My recent career change means that I now have the freedom to write from wherever I happen to be. Similarly, my wife can pretty easily find work in any sufficiently-sized town – her skill set and resume would make her an attractive candidate pretty much anywhere.
Given that we currently live in one of the most expensive parts of the state of Iowa, does it make sense for us to consider moving in the future? Here are the reasons we’ve come up with for moving in the near future, moving later on down the line, and never moving at all.
Reasons for Moving Soon
Right now, both of our children are young enough that a move to a different area wouldn’t be highly traumatic for them. When we moved into our current home, it took about two weeks for my son (who was about one and a half years old) to adjust to the new house, and now he doesn’t even remember our old apartment. There are very few social ties for them as well.
Our move would be designed to take us closer to our parents, who are getting older. They also live quite far from their grandchildren and there’s not nearly the interaction there that any of us would like. Moving closer allows a lot of deeper bonds to grow.
We’re not entrenched, either
Although we’ve lived in this school district for several years, we’re far from entrenched in the neighborhood on our street. We’ve become somewhat friendly with two of the families living near us, but we’ve not yet reached the point where we feel that we are a deep part of a community yet. More on that in a bit.
Reduced house payments
We could buy an equivalent house to the one we’re living in pretty much anywhere else in the state of Iowa for about 40% less than what we paid for this one. Assuming we could re-sell this house for the price we paid for it (which is reasonable – the housing market is solid here), we could easily take that cash, pay off the full mortgage, and have enough left over for a very large down payment on the next house.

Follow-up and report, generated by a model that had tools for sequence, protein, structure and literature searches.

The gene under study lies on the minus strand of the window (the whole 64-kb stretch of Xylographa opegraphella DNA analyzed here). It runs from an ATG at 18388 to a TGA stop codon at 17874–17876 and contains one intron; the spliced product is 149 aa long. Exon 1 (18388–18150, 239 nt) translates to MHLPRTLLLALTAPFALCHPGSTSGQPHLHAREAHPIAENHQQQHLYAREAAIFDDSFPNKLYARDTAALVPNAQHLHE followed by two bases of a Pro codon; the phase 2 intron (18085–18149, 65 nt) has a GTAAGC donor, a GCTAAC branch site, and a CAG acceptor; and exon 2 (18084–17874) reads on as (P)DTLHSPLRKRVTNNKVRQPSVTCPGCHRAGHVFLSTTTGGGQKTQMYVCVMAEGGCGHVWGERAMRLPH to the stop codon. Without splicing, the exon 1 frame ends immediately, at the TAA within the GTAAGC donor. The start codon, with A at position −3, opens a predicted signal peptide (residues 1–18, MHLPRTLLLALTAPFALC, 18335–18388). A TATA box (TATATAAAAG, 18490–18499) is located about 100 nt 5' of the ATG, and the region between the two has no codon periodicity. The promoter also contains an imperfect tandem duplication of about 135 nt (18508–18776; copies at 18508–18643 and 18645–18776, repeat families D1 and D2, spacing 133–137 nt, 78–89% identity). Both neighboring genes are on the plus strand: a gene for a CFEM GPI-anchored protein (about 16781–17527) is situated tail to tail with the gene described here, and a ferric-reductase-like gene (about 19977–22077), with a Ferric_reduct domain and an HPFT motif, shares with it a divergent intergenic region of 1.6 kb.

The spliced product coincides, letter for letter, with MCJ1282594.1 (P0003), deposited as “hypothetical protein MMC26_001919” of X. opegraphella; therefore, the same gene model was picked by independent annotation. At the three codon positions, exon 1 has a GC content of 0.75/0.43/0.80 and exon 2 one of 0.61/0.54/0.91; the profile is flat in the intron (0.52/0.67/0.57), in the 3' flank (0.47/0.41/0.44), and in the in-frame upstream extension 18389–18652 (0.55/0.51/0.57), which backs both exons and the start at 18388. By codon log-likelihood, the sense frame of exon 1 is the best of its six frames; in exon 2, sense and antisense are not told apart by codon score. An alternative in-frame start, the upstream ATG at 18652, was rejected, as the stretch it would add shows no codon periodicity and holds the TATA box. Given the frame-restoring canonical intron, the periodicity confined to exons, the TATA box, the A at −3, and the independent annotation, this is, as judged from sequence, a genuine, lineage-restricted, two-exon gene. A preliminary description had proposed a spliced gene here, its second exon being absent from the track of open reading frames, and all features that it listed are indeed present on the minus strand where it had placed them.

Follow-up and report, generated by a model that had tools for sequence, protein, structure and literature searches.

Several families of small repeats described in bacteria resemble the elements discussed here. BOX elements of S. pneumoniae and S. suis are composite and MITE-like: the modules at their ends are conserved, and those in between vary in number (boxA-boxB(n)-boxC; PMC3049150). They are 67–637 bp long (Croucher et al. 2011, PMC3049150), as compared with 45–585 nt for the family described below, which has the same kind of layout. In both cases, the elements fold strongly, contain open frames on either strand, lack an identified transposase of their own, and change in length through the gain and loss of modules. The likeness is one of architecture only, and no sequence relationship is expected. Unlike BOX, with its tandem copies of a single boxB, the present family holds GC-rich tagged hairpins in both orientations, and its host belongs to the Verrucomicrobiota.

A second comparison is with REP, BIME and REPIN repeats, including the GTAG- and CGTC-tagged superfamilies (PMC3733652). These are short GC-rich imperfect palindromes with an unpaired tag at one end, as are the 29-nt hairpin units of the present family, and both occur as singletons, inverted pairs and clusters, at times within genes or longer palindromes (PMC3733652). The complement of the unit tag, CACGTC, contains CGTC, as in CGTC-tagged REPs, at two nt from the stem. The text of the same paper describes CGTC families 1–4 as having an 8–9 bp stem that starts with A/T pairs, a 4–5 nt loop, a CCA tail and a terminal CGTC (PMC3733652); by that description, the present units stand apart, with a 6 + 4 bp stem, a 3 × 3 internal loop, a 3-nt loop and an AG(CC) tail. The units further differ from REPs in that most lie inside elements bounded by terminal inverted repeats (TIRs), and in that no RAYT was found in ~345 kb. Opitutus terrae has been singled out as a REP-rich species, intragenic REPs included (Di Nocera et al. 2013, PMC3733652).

Reasons for Moving Eventually
Time to find the exact place we want
We’d like to move closer to our extended families, likely somewhere on the eastern side of Iowa. If we took our time, we could carefully investigate the whole region of the state and find the right place for us to move.
The opportunity to have the home we’ve always wanted
What we want isn’t extravagant – it’s basically our current house, except on two floors and with slightly larger bedrooms and a slightly larger master bath, in the country. We can likely build that for less than $200,000, and in several years, we’ll have the resources to make it so.
Increased financial resources
Waiting for a few years means we’ll have more financial resources with which to buy or build exactly what we want.
Our current home is in an obvious growth area
Holding onto it for the next several years will see a price increase. We live in an area where the population growth is tremendous – it’s the only “hot” area in the entire state and there’s little startup companies and all sorts of things going on. If we sit and wait, our home will do nothing but increase in value.
Reasons for Never Moving
We’re entrenched in the community
While we may not have settled on our current block yet, we are entrenched in our local community. I serve on one important civic council and have been strongly encouraged to run for another council position. I know literally hundreds of people in this area – some of them quite well. I have a burgeoning professional relationship with at least a few people.
We like the area and resources
The area we currently live in gives us pretty quick access to the greater Des Moines area for cultural events and at least seven grocery stores within fifteen minutes of driving. If we move to the area we’re thinking about, we’d be largely far away from such assets.
Taking into account all of these factors and how they overlap, we’ve decided to not move in the short term. Not only would moving right now be a very questionable financial decision, we don’t have a strong plan in place for where we would move and how we would transition my wife’s employment (luckily, being a “transient worker,” I can move much easier).
The one regret we have in this decision is family. All of us – my wife, my two children, and myself – would benefit from being closer to our extended families, both in terms of increased familial bonds, but also in terms of having some additional support for parenting. My mother is so anxious to build bonds with her grandchildren and also to babysit them that she’s traveling up here for a weekend in May and basically ordering us out of the house to spend a weekend together while she watches the children. That says something significant about the family bond.
Tentatively, we’re looking at moving in seven to twelve years, depending on our financial state. If things go very well with my writing, we could move earlier than that. The later we move, though, the less likely we will be to move because of the social changes that would be foisted on our children – I have no real desire to yank a twelve year old and a ten year old away from their friends for reasons that aren’t truly pressing.